In any case, the challenge of making the playoffs for Portland is not going to be an easy one to overcome. Going into Sunday’s matchup with the Lakers, the Trail Blazers are a game behind Denver for the final spot.

Portland will face Denver on Tuesday, March 28 in perhaps their most important game of the season.

Kobe Bryant’s “Musecage” is like if Sesame Street had an NBA film room (VIDEO)

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Kobe Bryant’s video “Musecage” aired on ESPN on Sunday, and it’s one of the craziest things I’ve watched on an NBA broadcast. That includes watching Kobe’s own alley-oop to Shaquille O’Neal in Game 7 of the 2000 Western Conference Finals.

Someone on Twitter called it a “drug-fueled Muppet nightmare” but that’s selling short how remarkable the video was. In it, Kobe delivered a message about finding motivation as a young basketball player alongside a talking “Lil’ Mamba” puppet.

But here’s where it gets good: this video was made true to Kobe’s own person. Despite the happy, glockenspiel-laden background music with puppet accompaniment, Kobe’s message in “Musecage” was to use the dark part of your psyche as motivation to conquer your enemies.

I’m dead serious.


It doesn’t get any more Kobe than that.

The first video ends with Kobe’s advice to Lil’ Mamba, who goes off to become strong by using the dark musings as his fuel. Meanwhile, the second video talks about — and I’m not kidding — tactics James Harden and Russell Westbrook use to defeat their opponents in the pick-and-roll.

It’s like if Sesame Street was also a film room session.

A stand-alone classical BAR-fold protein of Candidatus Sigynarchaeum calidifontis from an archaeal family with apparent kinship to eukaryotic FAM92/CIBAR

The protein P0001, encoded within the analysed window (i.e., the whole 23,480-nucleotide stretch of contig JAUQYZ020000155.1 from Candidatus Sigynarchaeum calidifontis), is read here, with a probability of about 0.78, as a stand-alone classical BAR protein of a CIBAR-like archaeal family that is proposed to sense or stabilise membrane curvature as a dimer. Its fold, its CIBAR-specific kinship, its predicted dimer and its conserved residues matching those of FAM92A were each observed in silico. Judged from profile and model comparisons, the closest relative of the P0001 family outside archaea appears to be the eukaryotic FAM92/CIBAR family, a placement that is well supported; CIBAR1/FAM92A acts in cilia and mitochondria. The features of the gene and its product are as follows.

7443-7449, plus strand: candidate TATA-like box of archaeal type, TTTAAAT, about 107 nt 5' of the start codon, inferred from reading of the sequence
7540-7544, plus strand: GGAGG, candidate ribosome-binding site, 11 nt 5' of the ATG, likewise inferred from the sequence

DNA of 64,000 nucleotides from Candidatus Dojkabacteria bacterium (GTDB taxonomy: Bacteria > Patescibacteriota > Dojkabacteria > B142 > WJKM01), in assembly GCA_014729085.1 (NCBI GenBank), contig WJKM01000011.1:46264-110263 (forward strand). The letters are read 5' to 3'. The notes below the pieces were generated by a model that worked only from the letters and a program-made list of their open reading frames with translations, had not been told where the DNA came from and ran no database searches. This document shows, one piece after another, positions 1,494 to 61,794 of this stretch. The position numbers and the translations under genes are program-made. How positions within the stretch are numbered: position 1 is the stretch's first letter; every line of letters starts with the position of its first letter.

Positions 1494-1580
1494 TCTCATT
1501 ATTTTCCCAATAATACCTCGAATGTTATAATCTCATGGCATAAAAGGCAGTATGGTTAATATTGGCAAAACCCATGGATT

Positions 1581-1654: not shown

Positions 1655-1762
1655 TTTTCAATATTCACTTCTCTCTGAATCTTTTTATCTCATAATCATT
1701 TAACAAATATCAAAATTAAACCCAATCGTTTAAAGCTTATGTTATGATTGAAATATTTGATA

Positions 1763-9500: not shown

Needless to say, all 10 minutes of Musecage are incredible. I don’t mean that in any sarcastic way, either. Bryant has been working on his Canvas series for a while, and his message shines true to the person we’ve known for the last two decades.

Use your happy feelings to push yourself? No! Use self-doubt as a motivator to Jawface your way through to six championship rings.

He debuted the original episode on Christmas Day, and it too had a kid-friendly feel.

I literally cannot wait for the next edition in this series.

Mark Cuban on Blake Griffin’s fall vs. JJ Barea: “We sent flowers to his family, condolences”

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The Dallas Mavericks and Los Angeles Clippers got into a bit of a scuffle the other night during their game. Clippers big man Blake Griffn and Mavericks PG JJ Barea tussled, with Barea earning a Flagrant 2 and an ejection for putting his hands on Griffin’s neck and pushing him to the ground.

It really was a sight to see, whether Griffin flopped or not.

Meanwhile, Mavericks owner Mark Cuban was asked about the incident and responded with some heavy sarcasm that feels par for the course.

Via Twitter:

Griffin does have a bit of a reputation for acting and flopping, and Barea is hilariously undersized compared to him. Then again, the throat is a vulnerable area. Who knows if the fall was real or fake?

I’m just glad Cuban has a sense of humor about it.